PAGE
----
A new event at the Dodge County Fair focused on inclusion and brought big smiles all around Sunday.
The Pig Pals Swine Spectacular offered children with intellectual disabilities the opportunity to show a pig at the fair.
Modeled after the All for One show at the State Fair, Pig Pals was brought to Dodge County through the efforts of Andy Boschert and his mother, Mary Pat Boschert, of Beaver Dam, and Kaitlin Neu of Ixonia.
Neu said an encounter a couple years ago at the county fair opened her eyes to those with special needs.
“A boy was walking in the barn with his mom and I asked if he wanted to feed my pig a marshmallow. His mom thought he probably wouldn’t do it because he’s nonverbal and autistic,” she said. “We gave it a try, he fed the pig and then a huge smile came across his face.”
The mother burst into tears and told Neu it was the first time her son had smiled in two years.
“Then I burst into tears because it touched my heart,” she said. “It inspired me to give youth with special needs that same bonding experience and opportunity to be in a show that I’ve had because there really is nothing like that around here.”
Andy Boschert had taken part in the All for One show for a number of years. Because he found it so rewarding, he and his mother approached State Fair officials about replicating the show at the county level.
“It was Andy’s experience at State Fair and my interaction here that really wanted us to get this done,” Neu said. “Together with Mary Pat, we had the drive to get this started in Dodge County.”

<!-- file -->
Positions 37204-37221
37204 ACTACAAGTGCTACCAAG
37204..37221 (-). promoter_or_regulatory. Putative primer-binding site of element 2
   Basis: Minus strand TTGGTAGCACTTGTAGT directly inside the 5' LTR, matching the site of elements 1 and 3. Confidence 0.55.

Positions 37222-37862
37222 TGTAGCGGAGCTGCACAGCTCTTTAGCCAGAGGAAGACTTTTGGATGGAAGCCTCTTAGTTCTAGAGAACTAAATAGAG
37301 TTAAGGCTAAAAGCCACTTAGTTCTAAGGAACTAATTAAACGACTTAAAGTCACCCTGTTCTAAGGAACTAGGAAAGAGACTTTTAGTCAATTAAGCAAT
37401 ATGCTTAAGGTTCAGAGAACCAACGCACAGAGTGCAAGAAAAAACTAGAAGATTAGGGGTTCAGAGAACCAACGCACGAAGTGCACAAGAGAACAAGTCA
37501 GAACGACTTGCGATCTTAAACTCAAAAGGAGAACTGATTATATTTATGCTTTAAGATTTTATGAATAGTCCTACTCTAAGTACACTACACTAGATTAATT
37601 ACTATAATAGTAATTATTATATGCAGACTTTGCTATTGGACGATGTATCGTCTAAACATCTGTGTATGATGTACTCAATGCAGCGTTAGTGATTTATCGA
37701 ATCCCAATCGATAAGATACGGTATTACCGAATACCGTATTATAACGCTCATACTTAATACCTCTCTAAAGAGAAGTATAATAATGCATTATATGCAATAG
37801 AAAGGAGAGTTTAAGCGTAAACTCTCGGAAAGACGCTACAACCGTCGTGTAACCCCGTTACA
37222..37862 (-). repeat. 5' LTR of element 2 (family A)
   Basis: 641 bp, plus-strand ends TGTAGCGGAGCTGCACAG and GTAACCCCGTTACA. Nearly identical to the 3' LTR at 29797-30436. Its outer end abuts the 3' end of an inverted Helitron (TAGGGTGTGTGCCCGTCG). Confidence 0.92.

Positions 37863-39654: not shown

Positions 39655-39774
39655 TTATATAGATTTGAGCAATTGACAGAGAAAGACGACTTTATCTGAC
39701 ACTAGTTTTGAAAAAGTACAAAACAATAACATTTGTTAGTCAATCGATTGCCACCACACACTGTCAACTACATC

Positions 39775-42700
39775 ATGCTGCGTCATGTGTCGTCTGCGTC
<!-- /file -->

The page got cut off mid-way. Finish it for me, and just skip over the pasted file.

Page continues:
There was no cost to participate in the event, which was aimed at youth in seventh to 12th grade with intellectual disabilities like autism, attention deficit hyperactivity disorder, sensory-processing disorder and so forth.
Mentors and participants had about 45 minutes together with the pigs before they headed to the arena for the big show.
Beaver Dam FFA member Kelly Braun served as a mentor for Kelby Wagner of Juneau.
You have free articles remaining.
Braun said she had an amazing time helping Wagner get the pig ready to show.
“Kelby was so excited to work with the pig; it made me so happy,” she said. “She hosed her down with a smile on her face and then she suds her up with baby shampoo and had a great time brushing her.”
Once the pig was sparkling, it was time to head to the arena.
“I showed Kelby how to walk the track. I gave her a little bit of guidance in the ring about keeping the pig moving,” Braun said. “I told her she was a natural.”
The inaugural Pig Pals Swine Spectacular had six participants and the each received a T-shirt and a large purple award ribbon.
Mary Pat Boschert, who is a special education teacher in Dodge County, said the planning team hopes to expand the event next year.
“I think we won’t have an age cap so that it can reach the adult population and they could relive some memories of coming to past fairs or maybe memories of living on a farm.
“The whole reason for doing this is to bring awareness of youth with different abilities. Awareness will bring about understanding and that understanding will bring about acceptance. That’s what everybody wants, to be accepted.”